LONNIE JONES A/K/A LONNIE JONES, JR. APPELLANT
STATE OF MISSISSIPPI APPELLEE
OF JUDGMENT: 05/02/2016
COUNTY CIRCUIT COURT, HON. CLAIBORNE MCDONALD.
ATTORNEY FOR APPELLANT: OFFICE OF STATE PUBLIC DEFENDER BY:
GEORGE T. HOLMES.
ATTORNEYS FOR APPELLEE: OFFICE OF THE ATTORNEY GENERAL BY:
LISA L. BLOUNT JOSEPH SCOTT HEMLEBEN.
DISTRICT ATTORNEY: HALDON J. KITTRELL.
IRVING, P.J., FAIR AND WESTBROOKS, JJ.
Lonnie Jones was convicted of possession of synthetic
cannabinoids with intent to distribute. He was also convicted
of child endangerment based on the presence of his
four-year-old daughter in the home with the drugs. On appeal,
Jones contends that the search warrant for his residence was
issued without probable cause and that his convictions are
unsupported by sufficient evidence. We find no merit to these
contentions, and so we affirm.
Search Warrant/Probable Cause
The search warrant for Jones's residence stemmed from a
police search for guns, magazines, and ammunition stolen in a
local burglary approximately five days before. The warrant
was issued based on an affidavit from a police investigator
that stated a woman, Jessica Cochran, had been suspected of
taking the guns based on her having been in the residence
prior to their being stolen. The affidavit further noted that
a "concerned citizen" had told a deputy that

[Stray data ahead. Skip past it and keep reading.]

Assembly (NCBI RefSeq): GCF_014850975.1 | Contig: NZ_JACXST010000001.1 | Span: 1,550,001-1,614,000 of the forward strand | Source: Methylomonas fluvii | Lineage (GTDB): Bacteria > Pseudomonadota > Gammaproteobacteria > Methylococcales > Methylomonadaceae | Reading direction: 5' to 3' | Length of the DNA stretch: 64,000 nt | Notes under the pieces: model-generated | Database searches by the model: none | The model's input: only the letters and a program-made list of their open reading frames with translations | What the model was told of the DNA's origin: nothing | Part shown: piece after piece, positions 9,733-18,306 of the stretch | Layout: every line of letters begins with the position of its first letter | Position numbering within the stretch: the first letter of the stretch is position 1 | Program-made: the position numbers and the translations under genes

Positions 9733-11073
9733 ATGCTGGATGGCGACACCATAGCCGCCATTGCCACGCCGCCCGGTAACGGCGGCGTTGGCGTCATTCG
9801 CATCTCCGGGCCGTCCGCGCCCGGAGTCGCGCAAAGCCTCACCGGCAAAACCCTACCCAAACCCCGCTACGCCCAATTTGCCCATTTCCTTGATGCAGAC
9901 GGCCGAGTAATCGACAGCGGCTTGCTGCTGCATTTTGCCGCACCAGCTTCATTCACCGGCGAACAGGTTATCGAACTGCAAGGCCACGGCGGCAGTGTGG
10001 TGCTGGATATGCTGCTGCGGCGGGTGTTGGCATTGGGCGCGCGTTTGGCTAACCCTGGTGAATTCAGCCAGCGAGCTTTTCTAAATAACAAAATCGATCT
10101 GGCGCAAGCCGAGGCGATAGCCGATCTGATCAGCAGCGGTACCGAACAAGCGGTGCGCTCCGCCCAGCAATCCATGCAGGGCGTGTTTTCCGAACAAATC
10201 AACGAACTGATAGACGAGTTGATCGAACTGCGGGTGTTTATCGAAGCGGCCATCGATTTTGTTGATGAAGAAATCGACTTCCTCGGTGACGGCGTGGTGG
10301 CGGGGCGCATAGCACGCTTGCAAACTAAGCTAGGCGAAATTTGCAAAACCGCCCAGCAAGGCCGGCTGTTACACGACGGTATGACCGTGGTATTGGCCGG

Cochran had said she took the guns to Jones's residence.
A separate "proven confidential source" had told a
different investigator that Jones was in possession of stolen
guns at his residence.
When the authorities executed the search warrant, they saw
Jones toss a camera bag behind a couch he had been sitting
on. A search of the camera bag revealed two small bags of
synthetic marijuana, other small plastic bags, and a digital
scale. The authorities found other drug paraphernalia in
plain view, as well as four more small bags of synthetic
marijuana in a pillowcase on Jones's bed. According to
the officers, the bags fell out of the pillowcase when the
bed was searched.
On appeal, Jones contends that the warrant was not supported
by probable cause because it was based on accounts of
confidential informants. The relevant test was outlined by
the United States Supreme Court in Illinois v.
Gates, 462 U.S. 213, 238 (1983), as follows:
The task of the issuing magistrate is simply to make a
practical, common-sense decision whether, given all the
circumstances set forth in the affidavit before him,
including the "veracity" and "basis of
knowledge" of persons supplying hearsay information,
there is a fair probability that contraband or ...